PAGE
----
Druggist’s Circ. 61: 231. 1917.
Stems unbranched or branched distally, 80–200 cm. Leaves: proximal leaves: withering, petiole 2–4 mm, blade lanceolate to broadly lanceolate or elliptic, (40–)70–140 × 10–36 mm; distal leaves: petiole 0.1–3 mm, blade lanceolate to narrowly lanceolate or elliptic, 20–40 × 3–10 mm. Racemes 1–8(–12), continuous, cylindric, 6–35 cm; bracts leaflike, smaller distally, (4–)12–75 × 1–12 mm; cymes 1- or 2-flowered. Pedicels ascending, 0.3–1.2 mm, glabrous; bracteoles linear-lanceolate to linear. Flowers: calyx glabrous, lobes 1.2–3 × 0.5–1 mm, abaxial 2 shorter than abaxial (2 or)3; corolla 4–5.5(–6.5) mm, glabrous externally, obscurely pubescent internally, tube not differentiated from throat, 1–1.3 mm diam., lobes spreading, broadly ovate to triangular, 1.2–2.2 mm, abaxial 3 narrower than adaxial 1; stamens long-exserted, filaments 7–9 mm; nectariferous ring at base of ovary; style 7–9 mm. Capsules ovoid to ellipsoid, 2.5–4.5(–5.2) × 1.8–2.3 mm, glabrous. Seeds 0.3–0.7 × 0.2–0.4 mm. 2n = 34.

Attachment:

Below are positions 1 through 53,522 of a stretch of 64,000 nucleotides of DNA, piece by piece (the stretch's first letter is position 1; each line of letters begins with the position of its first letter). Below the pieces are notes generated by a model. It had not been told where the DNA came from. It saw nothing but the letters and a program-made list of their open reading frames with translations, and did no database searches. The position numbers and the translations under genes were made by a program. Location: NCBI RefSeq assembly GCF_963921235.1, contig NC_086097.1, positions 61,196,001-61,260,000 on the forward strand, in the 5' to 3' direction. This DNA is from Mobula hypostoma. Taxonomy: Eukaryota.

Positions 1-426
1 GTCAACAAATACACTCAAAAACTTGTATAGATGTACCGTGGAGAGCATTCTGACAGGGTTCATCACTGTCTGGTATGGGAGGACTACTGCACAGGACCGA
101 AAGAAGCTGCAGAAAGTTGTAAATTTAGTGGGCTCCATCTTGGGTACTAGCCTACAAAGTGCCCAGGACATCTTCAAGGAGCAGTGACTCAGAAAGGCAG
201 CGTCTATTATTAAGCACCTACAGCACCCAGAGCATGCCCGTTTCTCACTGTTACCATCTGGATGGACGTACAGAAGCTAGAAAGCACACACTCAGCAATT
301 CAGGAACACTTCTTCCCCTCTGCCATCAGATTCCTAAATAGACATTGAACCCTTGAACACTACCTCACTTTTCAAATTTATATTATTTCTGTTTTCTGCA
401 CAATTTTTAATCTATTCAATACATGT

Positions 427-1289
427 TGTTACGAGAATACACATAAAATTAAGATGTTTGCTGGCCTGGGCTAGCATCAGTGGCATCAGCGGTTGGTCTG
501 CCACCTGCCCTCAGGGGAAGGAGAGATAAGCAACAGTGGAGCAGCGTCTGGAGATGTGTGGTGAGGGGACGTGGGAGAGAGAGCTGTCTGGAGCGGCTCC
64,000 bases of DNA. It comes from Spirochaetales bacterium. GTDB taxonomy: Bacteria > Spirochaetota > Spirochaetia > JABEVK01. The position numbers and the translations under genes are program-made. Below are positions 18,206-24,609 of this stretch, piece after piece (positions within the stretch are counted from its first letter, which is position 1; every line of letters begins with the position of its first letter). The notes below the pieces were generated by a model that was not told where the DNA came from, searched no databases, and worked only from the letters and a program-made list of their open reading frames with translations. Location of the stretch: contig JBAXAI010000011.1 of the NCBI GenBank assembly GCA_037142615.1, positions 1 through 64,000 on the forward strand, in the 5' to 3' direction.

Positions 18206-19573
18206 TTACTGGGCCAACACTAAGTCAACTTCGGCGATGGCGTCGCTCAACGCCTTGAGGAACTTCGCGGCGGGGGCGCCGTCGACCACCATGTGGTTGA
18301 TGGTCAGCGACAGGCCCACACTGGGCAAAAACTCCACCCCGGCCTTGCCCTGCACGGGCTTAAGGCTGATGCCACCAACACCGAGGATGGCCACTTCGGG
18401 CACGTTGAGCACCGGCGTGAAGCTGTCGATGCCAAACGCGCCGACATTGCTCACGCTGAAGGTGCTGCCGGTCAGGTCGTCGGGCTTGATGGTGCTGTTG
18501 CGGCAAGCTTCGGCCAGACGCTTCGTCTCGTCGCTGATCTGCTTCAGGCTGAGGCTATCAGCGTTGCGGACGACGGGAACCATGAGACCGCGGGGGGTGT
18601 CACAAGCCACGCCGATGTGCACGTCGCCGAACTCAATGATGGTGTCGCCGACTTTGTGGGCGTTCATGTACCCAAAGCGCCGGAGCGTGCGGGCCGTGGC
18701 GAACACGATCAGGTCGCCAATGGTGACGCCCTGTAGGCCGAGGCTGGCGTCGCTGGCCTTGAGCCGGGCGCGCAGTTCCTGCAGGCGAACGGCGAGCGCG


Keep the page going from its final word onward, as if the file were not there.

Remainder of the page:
Phenology: Flowering Jun–Aug.
Habitat: Dry to mesic forests, tallgrass prairies, thickets, oak savannas.
Elevation: 0–300 m.
Man., N.S., Ont., Ala., Ark., Conn., Del., D.C., Fla., Ga., Ill., Ind., Iowa, Kans., Ky., La., Maine, Mass., Mich., Minn., Miss., Mo., Nebr., N.J., N.Y., N.C., N.Dak., Ohio, Okla., Pa., S.C., S.Dak., Tenn., Tex., Vt., Va., W.Va., Wis.
The roots and rhizomes of Veronicastrum virginicum were used widely by Native Americans as an emetic and cathartic (D. E. Moerman 1998). The pharmacologic properties of V. virginicum have been studied and promoted since the early 1800s (K. Kindscher 1992). It is grown widely as an ornamental and often escapes from cultivation. Populations in Nova Scotia are introduced.